When Wall Street Occupied the Ballpark
From SABR member Tom Shieber at Baseball Researcher on October 9, 2011:
With the "Occupy Wall Street" movement sweeping the country, it may surprise the reader that there was a time when the stock brokers of Wall Street (and those of State Street in Boston) occupied the ball park.
On May 26, 1904, the Boston Globe announced that "a baseball nine composed of members of the New York stock exchange has challenged a nine of the Boston stock exchange and the challenge has been accepted. The game is to be played on the American league grounds, Huntington av, Thursday, June 2, at 3:30."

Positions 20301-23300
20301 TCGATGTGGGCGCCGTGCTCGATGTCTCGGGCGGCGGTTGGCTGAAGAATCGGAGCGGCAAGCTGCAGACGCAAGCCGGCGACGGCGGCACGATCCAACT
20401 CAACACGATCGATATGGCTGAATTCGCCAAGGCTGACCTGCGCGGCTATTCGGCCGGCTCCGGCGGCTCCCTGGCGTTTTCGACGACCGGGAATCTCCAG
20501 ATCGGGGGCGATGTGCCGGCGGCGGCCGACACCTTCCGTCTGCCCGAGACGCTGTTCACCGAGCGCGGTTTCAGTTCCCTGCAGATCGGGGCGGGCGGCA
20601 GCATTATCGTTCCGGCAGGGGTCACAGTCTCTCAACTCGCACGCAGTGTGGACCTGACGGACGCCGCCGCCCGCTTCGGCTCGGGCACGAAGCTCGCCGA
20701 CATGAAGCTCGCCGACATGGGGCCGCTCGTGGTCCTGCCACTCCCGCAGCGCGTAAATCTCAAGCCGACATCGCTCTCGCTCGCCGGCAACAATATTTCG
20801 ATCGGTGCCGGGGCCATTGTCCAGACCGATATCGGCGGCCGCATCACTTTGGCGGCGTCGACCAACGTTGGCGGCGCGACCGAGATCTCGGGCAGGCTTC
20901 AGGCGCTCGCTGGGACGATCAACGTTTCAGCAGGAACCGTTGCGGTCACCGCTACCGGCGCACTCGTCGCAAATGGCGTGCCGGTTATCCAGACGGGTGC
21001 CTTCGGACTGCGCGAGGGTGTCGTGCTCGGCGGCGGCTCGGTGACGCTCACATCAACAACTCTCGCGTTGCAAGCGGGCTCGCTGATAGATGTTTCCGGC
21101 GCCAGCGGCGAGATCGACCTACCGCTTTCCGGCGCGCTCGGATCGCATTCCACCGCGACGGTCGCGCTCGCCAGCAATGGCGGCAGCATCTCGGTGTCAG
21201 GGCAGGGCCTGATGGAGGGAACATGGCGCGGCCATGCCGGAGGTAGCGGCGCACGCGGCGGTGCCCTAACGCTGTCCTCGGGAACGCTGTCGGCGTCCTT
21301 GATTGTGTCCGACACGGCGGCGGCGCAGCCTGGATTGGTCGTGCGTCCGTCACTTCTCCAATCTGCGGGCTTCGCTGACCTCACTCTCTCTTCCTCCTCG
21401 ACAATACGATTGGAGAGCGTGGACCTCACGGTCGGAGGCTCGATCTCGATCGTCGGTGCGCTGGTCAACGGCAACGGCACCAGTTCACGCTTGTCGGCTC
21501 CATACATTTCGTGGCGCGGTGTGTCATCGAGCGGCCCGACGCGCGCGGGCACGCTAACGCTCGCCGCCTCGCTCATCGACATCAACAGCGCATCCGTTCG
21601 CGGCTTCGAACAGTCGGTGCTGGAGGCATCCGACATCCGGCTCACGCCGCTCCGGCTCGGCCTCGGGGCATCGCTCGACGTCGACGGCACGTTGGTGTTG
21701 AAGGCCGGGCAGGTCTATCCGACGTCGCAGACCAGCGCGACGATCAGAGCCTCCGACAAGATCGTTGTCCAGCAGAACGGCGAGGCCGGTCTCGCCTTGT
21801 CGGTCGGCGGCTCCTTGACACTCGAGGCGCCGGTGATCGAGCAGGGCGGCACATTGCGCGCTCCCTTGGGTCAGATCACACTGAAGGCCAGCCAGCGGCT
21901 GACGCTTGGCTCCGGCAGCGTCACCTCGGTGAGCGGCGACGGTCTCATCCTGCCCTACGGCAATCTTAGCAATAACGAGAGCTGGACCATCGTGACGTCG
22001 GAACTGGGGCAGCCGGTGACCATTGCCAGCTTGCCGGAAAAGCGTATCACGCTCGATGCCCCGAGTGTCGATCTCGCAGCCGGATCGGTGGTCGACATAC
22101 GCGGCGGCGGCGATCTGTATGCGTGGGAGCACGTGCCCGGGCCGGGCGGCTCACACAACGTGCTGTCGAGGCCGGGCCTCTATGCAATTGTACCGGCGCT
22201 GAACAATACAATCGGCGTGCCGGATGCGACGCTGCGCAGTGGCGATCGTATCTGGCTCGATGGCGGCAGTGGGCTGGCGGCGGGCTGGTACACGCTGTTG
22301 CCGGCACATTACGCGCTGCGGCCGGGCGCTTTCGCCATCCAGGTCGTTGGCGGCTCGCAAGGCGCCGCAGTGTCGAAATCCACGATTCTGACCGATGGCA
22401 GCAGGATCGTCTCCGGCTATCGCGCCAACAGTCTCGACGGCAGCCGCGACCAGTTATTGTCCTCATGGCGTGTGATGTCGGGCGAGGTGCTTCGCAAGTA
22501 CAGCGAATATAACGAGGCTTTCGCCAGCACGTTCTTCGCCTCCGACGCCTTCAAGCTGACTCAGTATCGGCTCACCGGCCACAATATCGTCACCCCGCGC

The New Yorkers won the contest, 1-0, behind the stellar pitching of Gil Greenway, the former Yale pitcher who had purchased his seat on the New York Stock Exchange just months before. New York's lone run was tallied by none other than Bob Wrenn (seen below). Wrenn was the captain of Harvard's football team in the 1890s and was also the first left-hander to win the U.S. Open Singles Championships in tennis, capturing titles in 1893, '94, '96 and '97. He was President of the United States Tennis Association from 1912 to 1915 and was inducted into the International Tennis Hall of Fame in 1955.
Read the full article here: http://baseballresearcher.blogspot.com/2011/10/when-wall-street-occupied-ball-park.html
This page was last updated October 12, 2011 at 2:05 pm MST.